Smaller manufacturers like Falcon Northwest in Oregon and Origin PC in Florida offer high-end, customized gaming PCs built in the USA. Equus Computer Systems has production facilities in Illinois and California where they assemble desktop workstations and servers using globally-sourced parts.
While final assembly and customization occurs domestically for some brands, most internal components like processors, memory, hard drives, and motherboards are still imported from Asia. Very few parts are produced entirely in the USA due to labor costs and the complexity of the global supply chain.
The computer manufacturing industry in the US has faced declining revenues and employment in recent years. According to IBISWorld, the market size has shrunk by 3.6% annually between 2018-2023. This downward trend is expected to continue with a forecasted decline to $101 billion by 2029 (IBISWorld).
The industry faces threats such as increasing competition from low-cost overseas manufacturers, short product life cycles requiring constant innovation, and vulnerability to economic downturns. However, opportunities exist in high-growth segments like tablets, smartphones, and emerging technologies. The major players like HP and Dell have the advantage of strong brands, but face challenges from disruptive startups.
A SWOT analysis shows the industry has strengths in its skilled engineering workforce and high barriers to entry due to capital requirements. Weaknesses include dependence on component suppliers and lack of pricing power. Opportunities lie in cloud computing, AR/VR, and renewable energy systems. Threats include hacker attacks, trade wars affecting supply chains, and scalability issues hindering startups.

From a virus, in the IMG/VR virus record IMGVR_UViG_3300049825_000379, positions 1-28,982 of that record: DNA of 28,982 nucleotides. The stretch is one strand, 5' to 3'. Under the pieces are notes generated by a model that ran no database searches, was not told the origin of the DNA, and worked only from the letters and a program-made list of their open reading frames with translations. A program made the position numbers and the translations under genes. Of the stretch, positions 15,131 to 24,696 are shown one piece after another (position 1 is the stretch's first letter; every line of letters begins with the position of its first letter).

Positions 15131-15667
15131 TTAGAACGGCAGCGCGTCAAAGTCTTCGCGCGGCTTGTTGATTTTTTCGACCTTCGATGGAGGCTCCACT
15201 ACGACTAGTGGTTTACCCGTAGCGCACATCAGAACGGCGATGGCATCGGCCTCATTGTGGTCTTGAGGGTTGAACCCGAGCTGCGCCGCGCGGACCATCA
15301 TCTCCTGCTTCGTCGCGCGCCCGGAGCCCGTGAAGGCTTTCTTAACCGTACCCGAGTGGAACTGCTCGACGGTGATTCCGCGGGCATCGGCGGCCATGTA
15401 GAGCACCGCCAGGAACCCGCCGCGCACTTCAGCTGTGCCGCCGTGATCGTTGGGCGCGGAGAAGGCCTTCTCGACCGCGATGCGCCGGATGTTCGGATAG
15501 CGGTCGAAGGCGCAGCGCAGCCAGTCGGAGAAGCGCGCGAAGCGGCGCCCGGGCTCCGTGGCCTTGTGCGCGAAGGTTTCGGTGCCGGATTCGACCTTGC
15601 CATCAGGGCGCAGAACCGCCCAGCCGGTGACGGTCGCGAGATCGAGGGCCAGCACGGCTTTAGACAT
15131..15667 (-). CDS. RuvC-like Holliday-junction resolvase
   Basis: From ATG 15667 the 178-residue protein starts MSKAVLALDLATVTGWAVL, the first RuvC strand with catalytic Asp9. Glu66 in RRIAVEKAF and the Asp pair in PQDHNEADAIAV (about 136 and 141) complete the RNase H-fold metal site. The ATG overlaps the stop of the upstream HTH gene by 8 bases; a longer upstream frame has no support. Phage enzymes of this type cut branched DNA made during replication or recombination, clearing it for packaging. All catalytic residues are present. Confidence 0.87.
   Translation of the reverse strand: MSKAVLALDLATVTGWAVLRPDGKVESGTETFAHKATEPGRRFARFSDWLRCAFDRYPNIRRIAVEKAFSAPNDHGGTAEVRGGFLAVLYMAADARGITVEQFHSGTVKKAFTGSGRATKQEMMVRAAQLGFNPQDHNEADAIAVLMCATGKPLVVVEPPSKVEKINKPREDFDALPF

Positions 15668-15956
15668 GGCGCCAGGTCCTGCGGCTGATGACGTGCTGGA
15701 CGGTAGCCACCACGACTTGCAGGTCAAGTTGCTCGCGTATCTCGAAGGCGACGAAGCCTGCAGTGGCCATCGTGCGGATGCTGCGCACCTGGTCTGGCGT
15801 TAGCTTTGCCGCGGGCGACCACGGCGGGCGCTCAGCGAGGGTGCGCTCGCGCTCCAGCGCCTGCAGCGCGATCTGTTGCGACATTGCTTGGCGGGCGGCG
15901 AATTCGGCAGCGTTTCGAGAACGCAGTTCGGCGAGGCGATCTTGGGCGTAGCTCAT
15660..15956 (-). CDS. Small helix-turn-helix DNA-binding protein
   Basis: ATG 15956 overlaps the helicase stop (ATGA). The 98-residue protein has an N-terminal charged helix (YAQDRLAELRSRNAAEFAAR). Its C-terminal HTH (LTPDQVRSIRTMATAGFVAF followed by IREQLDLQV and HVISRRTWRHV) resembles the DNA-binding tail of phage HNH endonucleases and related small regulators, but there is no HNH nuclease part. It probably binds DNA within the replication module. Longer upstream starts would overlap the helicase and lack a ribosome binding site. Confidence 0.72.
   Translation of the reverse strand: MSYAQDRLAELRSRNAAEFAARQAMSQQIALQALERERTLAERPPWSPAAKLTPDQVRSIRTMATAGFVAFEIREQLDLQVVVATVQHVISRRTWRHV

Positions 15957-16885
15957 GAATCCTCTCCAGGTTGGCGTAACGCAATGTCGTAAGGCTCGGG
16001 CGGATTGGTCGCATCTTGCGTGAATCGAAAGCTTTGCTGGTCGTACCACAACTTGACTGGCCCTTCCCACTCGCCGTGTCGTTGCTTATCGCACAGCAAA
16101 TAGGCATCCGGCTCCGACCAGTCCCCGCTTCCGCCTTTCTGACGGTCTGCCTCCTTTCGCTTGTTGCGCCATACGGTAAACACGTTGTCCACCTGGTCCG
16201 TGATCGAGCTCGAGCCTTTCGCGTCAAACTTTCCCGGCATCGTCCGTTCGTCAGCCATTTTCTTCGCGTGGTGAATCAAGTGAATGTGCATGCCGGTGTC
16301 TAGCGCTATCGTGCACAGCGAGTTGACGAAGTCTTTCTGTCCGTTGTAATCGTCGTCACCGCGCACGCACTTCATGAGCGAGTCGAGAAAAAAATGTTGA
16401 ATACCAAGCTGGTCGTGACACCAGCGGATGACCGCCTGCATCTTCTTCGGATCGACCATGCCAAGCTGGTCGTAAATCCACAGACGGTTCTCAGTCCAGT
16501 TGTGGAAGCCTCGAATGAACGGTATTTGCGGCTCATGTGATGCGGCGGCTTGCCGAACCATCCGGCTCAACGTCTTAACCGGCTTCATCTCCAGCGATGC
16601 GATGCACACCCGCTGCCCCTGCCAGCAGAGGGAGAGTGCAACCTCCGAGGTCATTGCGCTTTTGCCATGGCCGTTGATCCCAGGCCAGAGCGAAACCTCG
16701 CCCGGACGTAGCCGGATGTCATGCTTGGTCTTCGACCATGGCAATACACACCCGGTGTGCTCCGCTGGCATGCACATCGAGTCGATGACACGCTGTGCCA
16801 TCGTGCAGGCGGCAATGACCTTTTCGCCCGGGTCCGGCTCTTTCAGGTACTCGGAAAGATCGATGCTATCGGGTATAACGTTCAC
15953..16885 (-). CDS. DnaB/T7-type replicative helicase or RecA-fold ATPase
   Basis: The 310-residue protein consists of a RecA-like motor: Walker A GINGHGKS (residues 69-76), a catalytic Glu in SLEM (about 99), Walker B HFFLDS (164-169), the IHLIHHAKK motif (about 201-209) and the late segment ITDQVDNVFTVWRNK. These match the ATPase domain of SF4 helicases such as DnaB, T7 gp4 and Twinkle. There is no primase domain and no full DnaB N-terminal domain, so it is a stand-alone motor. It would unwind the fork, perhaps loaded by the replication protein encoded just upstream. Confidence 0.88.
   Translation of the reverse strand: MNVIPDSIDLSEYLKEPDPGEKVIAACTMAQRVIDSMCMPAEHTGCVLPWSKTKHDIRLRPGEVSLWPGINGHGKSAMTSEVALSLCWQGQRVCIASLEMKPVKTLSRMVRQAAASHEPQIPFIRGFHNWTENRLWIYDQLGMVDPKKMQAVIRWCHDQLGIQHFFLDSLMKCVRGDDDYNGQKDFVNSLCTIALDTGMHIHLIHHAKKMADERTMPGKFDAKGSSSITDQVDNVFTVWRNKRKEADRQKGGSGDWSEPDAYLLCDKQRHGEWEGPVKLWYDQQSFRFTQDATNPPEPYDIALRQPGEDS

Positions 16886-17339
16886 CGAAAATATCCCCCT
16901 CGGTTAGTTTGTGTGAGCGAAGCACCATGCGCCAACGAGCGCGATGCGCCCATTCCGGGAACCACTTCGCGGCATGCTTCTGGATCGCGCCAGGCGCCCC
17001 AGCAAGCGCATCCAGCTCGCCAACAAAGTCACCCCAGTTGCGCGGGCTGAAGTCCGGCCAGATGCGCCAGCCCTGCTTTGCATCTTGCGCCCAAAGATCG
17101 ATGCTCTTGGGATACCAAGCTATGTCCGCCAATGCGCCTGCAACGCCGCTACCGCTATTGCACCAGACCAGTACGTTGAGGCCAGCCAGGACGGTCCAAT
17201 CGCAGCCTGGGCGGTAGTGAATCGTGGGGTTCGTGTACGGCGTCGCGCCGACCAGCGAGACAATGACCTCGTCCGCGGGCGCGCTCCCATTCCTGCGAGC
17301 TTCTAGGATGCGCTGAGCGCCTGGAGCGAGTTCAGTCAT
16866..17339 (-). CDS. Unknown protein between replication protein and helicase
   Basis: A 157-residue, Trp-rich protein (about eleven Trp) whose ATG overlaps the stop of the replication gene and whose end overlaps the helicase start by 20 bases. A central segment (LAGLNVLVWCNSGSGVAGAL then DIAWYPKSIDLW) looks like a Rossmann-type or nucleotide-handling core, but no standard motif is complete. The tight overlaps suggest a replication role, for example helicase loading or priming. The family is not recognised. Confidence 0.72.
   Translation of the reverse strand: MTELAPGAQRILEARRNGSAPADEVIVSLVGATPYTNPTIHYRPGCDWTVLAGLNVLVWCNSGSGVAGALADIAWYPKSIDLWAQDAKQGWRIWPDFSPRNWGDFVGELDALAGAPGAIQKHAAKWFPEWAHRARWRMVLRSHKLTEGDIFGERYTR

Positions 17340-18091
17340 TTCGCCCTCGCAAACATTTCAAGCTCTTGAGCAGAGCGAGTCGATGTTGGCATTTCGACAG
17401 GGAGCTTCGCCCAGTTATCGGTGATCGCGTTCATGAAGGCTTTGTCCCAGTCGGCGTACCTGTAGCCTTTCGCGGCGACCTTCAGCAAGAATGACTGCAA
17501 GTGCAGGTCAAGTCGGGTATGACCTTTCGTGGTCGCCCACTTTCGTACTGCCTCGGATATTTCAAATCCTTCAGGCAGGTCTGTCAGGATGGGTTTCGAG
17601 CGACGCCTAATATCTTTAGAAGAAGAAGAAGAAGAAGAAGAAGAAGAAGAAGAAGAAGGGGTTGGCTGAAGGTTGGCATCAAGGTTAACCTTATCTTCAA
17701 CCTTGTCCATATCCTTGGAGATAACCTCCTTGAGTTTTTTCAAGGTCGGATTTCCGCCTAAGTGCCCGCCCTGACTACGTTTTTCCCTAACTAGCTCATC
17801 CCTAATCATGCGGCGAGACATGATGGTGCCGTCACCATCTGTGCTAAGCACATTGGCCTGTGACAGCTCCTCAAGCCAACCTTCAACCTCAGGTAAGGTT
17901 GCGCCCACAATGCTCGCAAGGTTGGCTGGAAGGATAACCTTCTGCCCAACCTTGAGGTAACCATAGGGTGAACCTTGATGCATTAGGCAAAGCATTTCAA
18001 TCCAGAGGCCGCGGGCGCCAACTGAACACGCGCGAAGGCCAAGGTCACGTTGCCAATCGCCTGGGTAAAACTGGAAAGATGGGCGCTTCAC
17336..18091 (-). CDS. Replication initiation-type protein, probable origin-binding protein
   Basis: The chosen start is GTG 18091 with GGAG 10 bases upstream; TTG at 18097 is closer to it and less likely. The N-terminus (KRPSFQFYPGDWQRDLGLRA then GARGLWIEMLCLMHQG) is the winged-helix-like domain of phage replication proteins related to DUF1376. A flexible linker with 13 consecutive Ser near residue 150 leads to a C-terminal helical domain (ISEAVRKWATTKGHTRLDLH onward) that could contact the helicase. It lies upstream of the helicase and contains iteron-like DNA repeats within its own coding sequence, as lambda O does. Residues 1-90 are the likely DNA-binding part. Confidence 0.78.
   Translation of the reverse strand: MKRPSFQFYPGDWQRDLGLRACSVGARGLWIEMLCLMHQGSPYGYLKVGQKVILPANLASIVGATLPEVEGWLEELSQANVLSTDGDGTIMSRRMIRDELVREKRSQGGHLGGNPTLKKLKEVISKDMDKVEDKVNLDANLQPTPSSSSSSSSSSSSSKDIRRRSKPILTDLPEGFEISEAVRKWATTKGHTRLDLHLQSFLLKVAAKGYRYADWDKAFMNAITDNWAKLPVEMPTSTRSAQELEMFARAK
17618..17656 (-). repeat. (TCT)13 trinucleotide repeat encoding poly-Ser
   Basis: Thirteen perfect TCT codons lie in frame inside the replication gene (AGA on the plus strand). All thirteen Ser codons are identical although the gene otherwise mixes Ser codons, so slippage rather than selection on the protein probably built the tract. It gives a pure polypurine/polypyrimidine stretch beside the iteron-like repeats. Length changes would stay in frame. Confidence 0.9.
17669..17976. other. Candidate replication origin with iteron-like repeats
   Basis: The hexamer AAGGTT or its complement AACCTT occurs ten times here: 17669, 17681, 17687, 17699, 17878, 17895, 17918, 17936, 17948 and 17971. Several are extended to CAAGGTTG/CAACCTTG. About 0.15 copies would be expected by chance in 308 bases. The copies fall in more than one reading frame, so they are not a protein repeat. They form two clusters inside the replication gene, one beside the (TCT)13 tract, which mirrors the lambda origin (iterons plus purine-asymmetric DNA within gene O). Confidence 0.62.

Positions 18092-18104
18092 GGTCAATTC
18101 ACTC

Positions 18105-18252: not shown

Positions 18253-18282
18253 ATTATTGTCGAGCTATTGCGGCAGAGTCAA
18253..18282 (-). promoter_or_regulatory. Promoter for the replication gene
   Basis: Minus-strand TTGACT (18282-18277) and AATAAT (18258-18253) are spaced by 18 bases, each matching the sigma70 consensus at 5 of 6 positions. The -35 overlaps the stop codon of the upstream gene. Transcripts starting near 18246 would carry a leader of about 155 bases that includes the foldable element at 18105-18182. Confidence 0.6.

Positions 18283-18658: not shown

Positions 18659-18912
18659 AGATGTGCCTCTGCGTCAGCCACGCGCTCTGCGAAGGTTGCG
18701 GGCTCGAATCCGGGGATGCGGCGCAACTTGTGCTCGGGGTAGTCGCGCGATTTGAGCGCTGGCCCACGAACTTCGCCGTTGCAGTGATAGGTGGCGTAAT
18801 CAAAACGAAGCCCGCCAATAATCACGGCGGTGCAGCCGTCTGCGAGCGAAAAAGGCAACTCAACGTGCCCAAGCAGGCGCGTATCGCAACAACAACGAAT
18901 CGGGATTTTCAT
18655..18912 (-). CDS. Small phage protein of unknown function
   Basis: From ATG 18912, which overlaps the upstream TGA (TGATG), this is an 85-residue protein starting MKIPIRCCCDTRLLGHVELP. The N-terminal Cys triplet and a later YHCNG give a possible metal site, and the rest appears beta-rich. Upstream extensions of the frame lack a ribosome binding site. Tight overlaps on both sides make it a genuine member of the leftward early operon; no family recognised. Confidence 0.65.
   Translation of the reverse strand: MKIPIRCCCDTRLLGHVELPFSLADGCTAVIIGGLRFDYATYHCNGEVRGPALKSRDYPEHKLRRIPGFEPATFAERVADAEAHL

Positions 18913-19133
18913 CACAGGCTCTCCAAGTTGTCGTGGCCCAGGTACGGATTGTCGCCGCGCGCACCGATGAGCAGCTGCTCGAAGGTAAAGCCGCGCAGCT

Overall, the outlook depends on innovation and adaptation. Companies must focus on customization, emerging tech integration, operational efficiency, and strong partnerships across the supply chain. Consolidation through M&As may continue as firms seek economies of scale. Sustainability and social responsibility will also grow in importance for long-term success.
The computer manufacturing industry in the US is expected to see moderate growth in the coming years. According to IBISWorld, industry revenue is projected to grow at a CAGR of 1.6% from 2023-2028, reaching $10.3 billion by 2028. Key trends impacting future growth include:
Emerging technologies like AI, 5G, and IoT are creating demand for new types of computing devices and infrastructure. This presents opportunities for manufacturers to develop innovative products and solutions. However, it also requires continued investments in R&D and advanced manufacturing capabilities.
Growth in cloud computing and demand for high-performance data centers is driving server manufacturing. Hyperscale data centers are especially important customers for server OEMs.
While desktop and laptop sales have matured, demand for tablets and smartphones continues to rise. Manufacturers must adapt their product portfolios and operations to capitalize on these market shifts.
Globalization brings opportunities to reach new customers worldwide but also intense competition from Asian manufacturers. Operational efficiency, quality, and responsive supply chains are key differentiators.
Sustainability initiatives around energy efficiency, materials innovation, and waste reduction are becoming priorities. This requires changes across product design, component sourcing, and manufacturing processes.
Ongoing shortages of chips, components, and raw materials present challenges to production and margins. Building resilient, diversified supply chains is critical to mitigate this risk.
Overall, strategic technology investments, customer-centric product development, and lean, flexible manufacturing will be vital to success in the evolving US computer manufacturing industry.